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Schmeichel, Poulsen at center of Denmark 1-0 Peru

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  • Denmark goal: Poulsen (59′)
  • Peru misses penalty
  • Next: Denmark-Australia, Peru-France

Yussuf Yurary Poulsen scored a second half goal and Leicester City goalkeeper Kasper Schmeichel made several critical saves as Denmark smashed and grabbed a 1-0 World Cup win in Saransk on Saturday.

Peru found seemingly every manner of way to miss the goal in a dominant performance.

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Both teams played with an adrenalized tempo in the first 10 minutes, with Yoshimar Yotun whipping a shot to Kasper Schmeichel in the eighth.

Peru was all over Denmark as the match moved on, with Schmeichel very active against Los Incos.

Denmark captain Simon Kjaer made a terrific block on Andre Carrillo in the 29th minute to keep it scoreless.

Peru goalkeeper Pedro Gallese made a terrific stop on Jens Stryger Larsen after Christian Eriksen‘s free kick was blocked by the wall.

The CONMEBOL side was given a penalty kick upon Video Assistant Referee review after Christian Cueva saw his ankle caught by Yussuf Poulsen.

But Cueva made a stuttering, disjointed run-up before blazing his effort over the bar.

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Peru bungled chance to take a 57th lead when Cueva cut a rug through the 18 and laid off for Carrillo, whose shot wasn’t good enough to trouble the net.

They’d regret the miss, as RB Leipzig striker Poulsen raced down the left wing and into the box to carve a shot around Gallese.

Peru nearly equalized off the restart, but Schmeichel made an outstanding save. And Jefferson Farfan couldn’t get on the end of a terrific free kick headed back across the Denmark defense in the 69th.

Poulsen was a defensive hero two minutes later, nodding a cross out of play with Paolo Guerrero lurking at the back post. And Schmeichel stopped Luis Advincula a minute after that.

Guerrero nearly spun a backheel effort inside the far post in the 79th. Peru deserved an equalizer, but would it find one. Schmeichel denied Farfan again in the 84th.

A mostly quiet Eriksen was stymied by Gallese soon after the Schmeichel stop. We say mostly…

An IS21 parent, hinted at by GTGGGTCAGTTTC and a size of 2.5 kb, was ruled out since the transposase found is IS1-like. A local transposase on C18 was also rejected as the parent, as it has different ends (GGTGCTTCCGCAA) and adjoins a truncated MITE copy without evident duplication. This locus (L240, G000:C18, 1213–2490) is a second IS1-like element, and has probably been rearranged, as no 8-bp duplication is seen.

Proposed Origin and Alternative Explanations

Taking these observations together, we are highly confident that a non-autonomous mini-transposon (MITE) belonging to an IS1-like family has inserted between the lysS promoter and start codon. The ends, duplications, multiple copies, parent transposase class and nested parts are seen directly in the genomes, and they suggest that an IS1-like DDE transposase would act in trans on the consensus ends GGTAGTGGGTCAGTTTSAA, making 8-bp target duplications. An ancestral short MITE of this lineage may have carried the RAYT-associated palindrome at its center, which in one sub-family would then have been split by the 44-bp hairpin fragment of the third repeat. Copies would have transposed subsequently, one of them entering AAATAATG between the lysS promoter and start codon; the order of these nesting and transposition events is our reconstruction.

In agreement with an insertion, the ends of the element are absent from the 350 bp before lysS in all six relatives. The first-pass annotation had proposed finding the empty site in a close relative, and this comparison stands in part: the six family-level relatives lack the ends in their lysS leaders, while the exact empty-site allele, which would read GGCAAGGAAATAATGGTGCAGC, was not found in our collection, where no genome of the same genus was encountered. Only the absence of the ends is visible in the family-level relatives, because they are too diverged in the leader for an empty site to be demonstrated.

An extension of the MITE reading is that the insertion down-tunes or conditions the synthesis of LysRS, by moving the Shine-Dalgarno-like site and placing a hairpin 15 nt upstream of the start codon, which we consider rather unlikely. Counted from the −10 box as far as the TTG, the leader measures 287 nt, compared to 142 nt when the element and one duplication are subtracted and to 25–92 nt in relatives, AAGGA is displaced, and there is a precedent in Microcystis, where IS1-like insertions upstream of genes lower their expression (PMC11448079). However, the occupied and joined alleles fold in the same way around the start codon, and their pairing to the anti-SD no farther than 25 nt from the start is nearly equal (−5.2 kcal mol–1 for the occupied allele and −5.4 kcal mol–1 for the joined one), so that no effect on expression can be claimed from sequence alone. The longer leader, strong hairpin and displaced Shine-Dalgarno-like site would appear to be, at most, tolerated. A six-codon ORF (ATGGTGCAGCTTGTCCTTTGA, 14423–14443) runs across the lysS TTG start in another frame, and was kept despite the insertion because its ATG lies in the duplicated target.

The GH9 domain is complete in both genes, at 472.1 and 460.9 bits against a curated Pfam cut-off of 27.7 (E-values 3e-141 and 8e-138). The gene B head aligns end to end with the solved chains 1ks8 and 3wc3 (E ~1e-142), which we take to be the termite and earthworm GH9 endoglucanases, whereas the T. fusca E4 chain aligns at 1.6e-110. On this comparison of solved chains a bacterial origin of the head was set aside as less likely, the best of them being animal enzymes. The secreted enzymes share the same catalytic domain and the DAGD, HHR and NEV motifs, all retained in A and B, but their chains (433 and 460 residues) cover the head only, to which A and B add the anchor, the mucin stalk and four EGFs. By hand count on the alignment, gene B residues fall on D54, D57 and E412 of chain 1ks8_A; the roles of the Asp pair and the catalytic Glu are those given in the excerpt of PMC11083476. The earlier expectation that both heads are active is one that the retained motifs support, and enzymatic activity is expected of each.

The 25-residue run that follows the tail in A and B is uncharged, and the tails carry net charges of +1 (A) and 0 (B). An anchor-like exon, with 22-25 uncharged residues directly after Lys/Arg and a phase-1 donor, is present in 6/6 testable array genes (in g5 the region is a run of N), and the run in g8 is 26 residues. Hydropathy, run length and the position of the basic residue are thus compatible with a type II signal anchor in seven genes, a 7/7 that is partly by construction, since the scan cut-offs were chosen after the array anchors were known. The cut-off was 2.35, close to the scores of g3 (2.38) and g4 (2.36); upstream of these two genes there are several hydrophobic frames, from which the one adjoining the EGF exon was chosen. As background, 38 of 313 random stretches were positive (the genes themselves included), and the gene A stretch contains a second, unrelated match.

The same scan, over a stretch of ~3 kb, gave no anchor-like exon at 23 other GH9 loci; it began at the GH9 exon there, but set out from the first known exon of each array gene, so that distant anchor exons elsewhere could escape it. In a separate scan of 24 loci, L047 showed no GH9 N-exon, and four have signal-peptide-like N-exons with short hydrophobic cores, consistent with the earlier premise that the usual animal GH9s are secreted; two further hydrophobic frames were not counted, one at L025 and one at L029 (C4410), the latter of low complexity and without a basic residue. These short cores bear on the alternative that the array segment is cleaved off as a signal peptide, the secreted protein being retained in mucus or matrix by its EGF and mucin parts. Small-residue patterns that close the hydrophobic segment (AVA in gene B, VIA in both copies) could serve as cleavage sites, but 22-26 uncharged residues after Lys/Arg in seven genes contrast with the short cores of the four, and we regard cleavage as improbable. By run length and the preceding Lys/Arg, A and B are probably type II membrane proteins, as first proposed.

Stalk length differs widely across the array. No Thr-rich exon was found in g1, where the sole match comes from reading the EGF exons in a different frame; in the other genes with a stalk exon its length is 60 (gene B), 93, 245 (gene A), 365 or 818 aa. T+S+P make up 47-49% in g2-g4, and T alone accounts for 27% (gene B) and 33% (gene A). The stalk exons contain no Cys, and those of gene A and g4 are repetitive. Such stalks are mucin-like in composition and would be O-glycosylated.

Who voted for who at the FIFA awards?

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This is always one of the best parts about the morning after the night before when it comes to the annual FIFA awards.

Who voted for who?

With the national team coach, captain and one media member from all of FIFA’s member associations getting to vote for the three best players on the planet, Luka Modric came out on top with Cristiano Ronaldo second and Mohamed Salah third.

In terms of voting, a player received five points every time he was selected in top spot, while they received three points for a second place on the ballot and one point for being selected third.

The U.S. men’s national team interim head coach Dave Sarachan went for a Messi, Ronaldo, Modric top three, while current captain Wil Trapp went for Modric, Ronaldo then Messi.

And while Messi voted for Ronaldo as his third choice, Ronaldo didn’t include a single Barcelona player in his top three and instead selected two of his former Real Madrid teammates.

Below we take a look at some of the big name voters and who they selected to win the top individual prize on the planet.

While you can find the full list of voting for the FIFA male player of the year award right here.


Dave Sarachan – USMNT coach: Lionel Messi (1st), Cristiano Ronaldo (2nd), Luka Modric (3rd)

Wil Trapp – USMNT captain: Luka Modric (1st), Cristiano Ronaldo (2nd), Lionel Messi (3rd)

Lionel Messi – Argentina captain: Luka Modric (1st) Kylian Mbappe (2nd) Cristiano Ronaldo (3rd)

Cristiano Ronaldo – Portugal captain: Raphael Varane (1st) Luka Modric (2nd) Antoine Griezmann (3rd)

Luka Modric – Croatia captain: Raphael Varane (1st) Cristiano Ronaldo (2nd) Antoine Griezmann

Harry Kane – England captain: Cristiano Ronaldo (1st) Lionel Messi (2nd) Kevin De Bruyne (3rd)

Hugo Loris – France captain: Raphael Varane (1st) Antoine Griezmann (2nd) Kylian Mbappe (3rd)

Manuel Neuer – Germany captain: Eden Hazard (1st) Luka Modric (2nd) Raphael Varane (3rd)

Virgil Van Dijk – Netherlands captain: Mohamed Salah (1st) Kevin De Bruyne (2nd) Kylian Mbappe (3rd)

Sergio Ramos – Spain captain: Luka Modric (1st) Cristiano Ronaldo (2nd) Lionel Messi (3rd)

Explaining Ronaldo, Messi no show for FIFA awards

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For the last decade either Lionel Messi or Cristiano Ronaldo have been crowned the best player on the planet, winning the coveted award five times each and finish second on the other five occasions.

On Monday in London, FIFA’s TheBest award went to Real Madrid and Croatia midfielder Luka Modric at the glitzy award evening in London, with Ronaldo finishing second and Mohamed Salah third. Messi wasn’t even nominated among the top three despite an incredible last 12 months, and that was one of several bizarre decisions as votes were counted by national team coaches, captains and selected journalists and officials from around the world.

Neither Messi nor Ronaldo were present to applaud Modric, as they both decided not to attend the event with Messi citing “personal reasons” on the morning of the event and he remained in Spain ahead of Barcelona’s trip to Leganes on Wednesday. While Ronaldo pulled out due to Juventus’ busy schedule as they have a Serie A game on Wednesday.

Ronaldo knew it was unlikely he would win the award after Modric was handed the best player award by UEFA and won the Golden Ball as the best player at the World Cup this summer, while Messi’s goal was in the running for the Puskas award but lost out to Mo Salah’s striker against Everton.